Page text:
At first glance, a matchup against the Cowboys doesn’t feel like anything you’d want to mess around with. Especially with a running back who is playing second fiddle on his own roster. But Dallas has given up some yards on the ground this season. The Giants averaged nearly four yards per carry against the Cowboys in Week 1 but were game scripted out of running more. Then the Cardinals posted a gaudy 7.4 yards per attempt in Week 3. New England’s defense should keep the game close enough to allow the offense to run the ball. Zeke will see opportunities. And if that’s not enough for you, it’s a #revenge game for him. So, there’s that.
I was a touch more confident in this one before getting the news that Jimmy Garoppolo was in concussion protocol. Now Josh McDaniels must consider whether Brian Hoyer or Aidan O’Connell will start if Jimmy G. can’t go. O’Connell looked good during the preseason. He also wasn’t facing pass rushers the caliber of Joey Bosa and Khalil Mack.
Why, then, am I sticking with Meyers this week? Because the Raiders’ passing game is one of the most narrowly funneled in the league. More than 60 percent of the pass attempts have been directed at Meyers and Davante Adams. No one else on the roster has shown an ability to consistently earn targets. Which is a weird thing to say about a team that employs Hunter Renfrow. Nonetheless, I expect Las Vegas to be in a pass-heavy game script against the Chargers and Meyers should see plenty of work because of it. Start him as a strong WR2 candidate this week.
We were hoping for bigger things for Elijah Moore through the first three weeks. It’s been a struggle for the Browns’ passing game. Fantasy managers should usually focus on process over results, but Week 3’s results reignited the hope that Moore can be a viable fantasy receiver. Moore has had at least seven targets in every game. Last week, he and Deshaun Watson finally appeared to be on the same page. Moore’s nine targets turned into nine receptions. The next step is turning that into a decent chunk of yardage, as he was held to 49 last week.
The outlook is positive against a beat-up Baltimore secondary in Week 4. The Ravens were without Marlon Humphrey and Marcus Williams in Week 3. In turn, they gave up 20 catches for 177 yards to the Colts’ trio of Michael Pittman Jr., Josh Downs and Alec Pierce. With Cleveland’s passing game being heavily funneled through its two main receivers, there’s breakout potential for Moore. Consider starting him in formats that allow for three or more receivers.
One of the big questions coming from the Giants’ loss to San Francisco were the whereabouts of Jalin Hyatt and Wan’Dale Robinson. The two played 15 and 10 snaps, respectively. They were either targeted sparingly or not at all. In Robinson’s case, it seemed prudent in his first game back from an ACL tear. Hyatt and I having the same number of targets in Week 3 seems like a concern.
Nonetheless, Robinson is the Giant with the most upside. He was targeted five times on nine routes. That kind of rate is unsustainable. However, it shows New York’s desire to get the ball in his hands. Seattle ranks second to last in passing yards allowed. Hyatt is a WR4 with big-play potential. Robinson is a WR3 or flex option in deeper leagues.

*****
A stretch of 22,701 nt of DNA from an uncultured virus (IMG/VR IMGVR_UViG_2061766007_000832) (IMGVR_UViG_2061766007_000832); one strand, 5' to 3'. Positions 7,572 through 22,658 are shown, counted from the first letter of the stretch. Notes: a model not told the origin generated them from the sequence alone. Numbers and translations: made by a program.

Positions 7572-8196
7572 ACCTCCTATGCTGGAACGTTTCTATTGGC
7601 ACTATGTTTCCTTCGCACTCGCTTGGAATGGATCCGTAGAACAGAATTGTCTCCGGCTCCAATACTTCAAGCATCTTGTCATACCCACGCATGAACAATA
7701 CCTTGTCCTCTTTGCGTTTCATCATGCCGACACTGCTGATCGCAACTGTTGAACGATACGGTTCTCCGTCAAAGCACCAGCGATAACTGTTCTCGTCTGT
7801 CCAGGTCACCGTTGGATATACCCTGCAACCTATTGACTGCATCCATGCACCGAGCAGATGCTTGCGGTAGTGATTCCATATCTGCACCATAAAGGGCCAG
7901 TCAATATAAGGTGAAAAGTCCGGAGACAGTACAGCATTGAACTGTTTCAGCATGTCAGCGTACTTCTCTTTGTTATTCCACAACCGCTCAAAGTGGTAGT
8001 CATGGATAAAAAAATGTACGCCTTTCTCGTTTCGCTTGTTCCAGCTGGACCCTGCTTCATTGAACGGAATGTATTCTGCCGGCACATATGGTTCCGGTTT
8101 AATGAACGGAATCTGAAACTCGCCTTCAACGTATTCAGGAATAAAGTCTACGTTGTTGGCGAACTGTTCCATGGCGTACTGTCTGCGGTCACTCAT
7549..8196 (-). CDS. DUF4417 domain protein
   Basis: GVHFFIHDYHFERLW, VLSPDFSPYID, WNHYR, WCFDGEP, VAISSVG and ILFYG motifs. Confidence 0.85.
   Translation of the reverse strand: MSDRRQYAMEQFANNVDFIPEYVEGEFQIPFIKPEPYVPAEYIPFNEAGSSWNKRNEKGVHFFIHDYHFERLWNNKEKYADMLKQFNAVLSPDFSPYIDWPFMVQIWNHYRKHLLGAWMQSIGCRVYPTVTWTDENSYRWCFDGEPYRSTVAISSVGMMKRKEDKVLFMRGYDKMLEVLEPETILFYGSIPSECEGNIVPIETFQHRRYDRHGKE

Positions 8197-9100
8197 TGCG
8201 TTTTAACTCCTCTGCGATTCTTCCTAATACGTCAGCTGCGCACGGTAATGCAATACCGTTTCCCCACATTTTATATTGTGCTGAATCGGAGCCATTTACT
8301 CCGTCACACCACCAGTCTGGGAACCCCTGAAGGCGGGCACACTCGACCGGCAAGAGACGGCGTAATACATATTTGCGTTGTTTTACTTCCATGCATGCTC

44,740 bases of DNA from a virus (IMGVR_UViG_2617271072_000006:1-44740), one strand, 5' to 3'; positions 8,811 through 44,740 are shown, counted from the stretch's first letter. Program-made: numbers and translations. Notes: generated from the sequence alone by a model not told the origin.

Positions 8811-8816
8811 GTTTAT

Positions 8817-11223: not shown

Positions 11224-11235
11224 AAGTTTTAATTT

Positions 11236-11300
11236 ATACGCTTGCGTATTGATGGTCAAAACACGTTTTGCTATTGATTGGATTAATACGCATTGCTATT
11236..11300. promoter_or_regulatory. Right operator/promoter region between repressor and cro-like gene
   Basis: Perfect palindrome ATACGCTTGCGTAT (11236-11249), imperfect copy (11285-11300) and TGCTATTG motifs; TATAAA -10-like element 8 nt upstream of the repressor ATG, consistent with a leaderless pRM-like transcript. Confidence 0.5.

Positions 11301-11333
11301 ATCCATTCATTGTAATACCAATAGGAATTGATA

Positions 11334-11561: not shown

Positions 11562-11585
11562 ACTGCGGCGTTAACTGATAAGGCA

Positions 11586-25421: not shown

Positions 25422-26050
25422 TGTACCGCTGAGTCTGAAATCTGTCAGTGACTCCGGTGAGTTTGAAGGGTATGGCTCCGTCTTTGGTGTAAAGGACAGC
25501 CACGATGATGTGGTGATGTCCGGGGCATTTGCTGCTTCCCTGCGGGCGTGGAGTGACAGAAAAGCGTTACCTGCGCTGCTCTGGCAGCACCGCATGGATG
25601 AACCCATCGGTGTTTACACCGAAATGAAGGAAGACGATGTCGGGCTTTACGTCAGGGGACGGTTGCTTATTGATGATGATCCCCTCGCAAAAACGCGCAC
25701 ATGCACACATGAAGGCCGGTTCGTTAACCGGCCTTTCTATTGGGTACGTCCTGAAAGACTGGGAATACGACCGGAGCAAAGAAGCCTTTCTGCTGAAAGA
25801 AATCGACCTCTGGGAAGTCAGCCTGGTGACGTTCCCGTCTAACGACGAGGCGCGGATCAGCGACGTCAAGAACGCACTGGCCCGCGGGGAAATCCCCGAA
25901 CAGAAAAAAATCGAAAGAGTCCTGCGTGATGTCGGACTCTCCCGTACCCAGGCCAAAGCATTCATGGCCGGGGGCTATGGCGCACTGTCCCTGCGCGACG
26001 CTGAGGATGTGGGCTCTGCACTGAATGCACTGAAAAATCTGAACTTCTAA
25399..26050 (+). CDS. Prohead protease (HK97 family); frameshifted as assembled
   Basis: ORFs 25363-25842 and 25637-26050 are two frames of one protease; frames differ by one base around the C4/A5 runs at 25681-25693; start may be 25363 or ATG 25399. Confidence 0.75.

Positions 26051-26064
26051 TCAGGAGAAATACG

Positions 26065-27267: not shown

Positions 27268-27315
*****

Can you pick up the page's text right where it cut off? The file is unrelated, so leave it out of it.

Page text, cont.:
Okonkwo was every fantasy analyst’s favorite sleeper tight end this offseason. Until the Titans added DeAndre Hopkins. Then we worried that there wouldn’t be enough targets to go around. That has mostly held true. Tennessee continues to be a run-heavy offense. They’ve been remarkably unproductive, as well. A date with a ferocious Bengals defense wouldn’t seem to be a great situation on paper.
The upside here is that because of a bad offensive line, Ryan Tannehill has had to prioritize short, quick throws. The Bengals wrecked the Rams’ offensive front last Monday, which led to Tyler Higbee having a decent fantasy week. Look for the same thing for Okonkwo this week. Add in that the Titans’ secondary could be in for a long day trying to cover the Bengals’ receivers, and Tannehill could be forced to the air to try to keep Tennessee within shouting distance. This could be the week Okonkwo lives up to his low-TE1 upside.
Coming into the season, I believed Gerald Everett could be a good mid-level tight end option for fantasy managers. It hasn’t worked out that way. Through three games, Everett isn’t’ seeing much work (11 total targets). He’s yet to sniff the end zone and has a whopping 21 PPR points. A big reason is that Donald Parham is taking food off Everett’s plate. Parham has seven targets and a higher average depth of target. More importantly, Parham has three end zone targets that he’s turned into three touchdowns.
So why should we believe in Everett this week? Recent history, for one. Last season, Everett scored at least 13 fantasy points in both meetings with Las Vegas. Even more recent history shows that Everett is the tight end doing most of the work in L.A.’s passing game. He has a higher route total and overall target share than Parham. And with Joshua Kelley struggling to fill the void left by Austin Ekeler as a pass-catcher, more of those short targets could go Everett’s way, although Ekeler did return to practice on a limited basis on Wednesday. Everett has low-end TE1 vibes this week.
This is simple. If you’re streaming defenses, you want to target the worst offenses. Right now, there aren’t many offenses worse than that of the Jets. Over the past two weeks, Gang Green has compiled a grand total of 386 yards. Or roughly what the Dolphins did in the second half last week. Zach Wilson looks lost. The offensive line is a sieve. The running game is stuck in neutral -- or maybe even reverse. And for the foreseeable future, this is Robert Saleh’s life.
That makes New York a soft target for any fantasy managers shuffling through multiple defenses. Kansas City took advantage of another down-bad offensive unit by scoring 11 fantasy points versus the Bears in Week 3. They should have another measure of success this week against the Jets.
Marcas Grant is a fantasy analyst for NFL.com and a man who still hasn't figured out the right ratios for his new coffee maker. Send him your kitchen appliance dilemmas or fantasy football questions on X @MarcasG or TikTok at marcasgrant.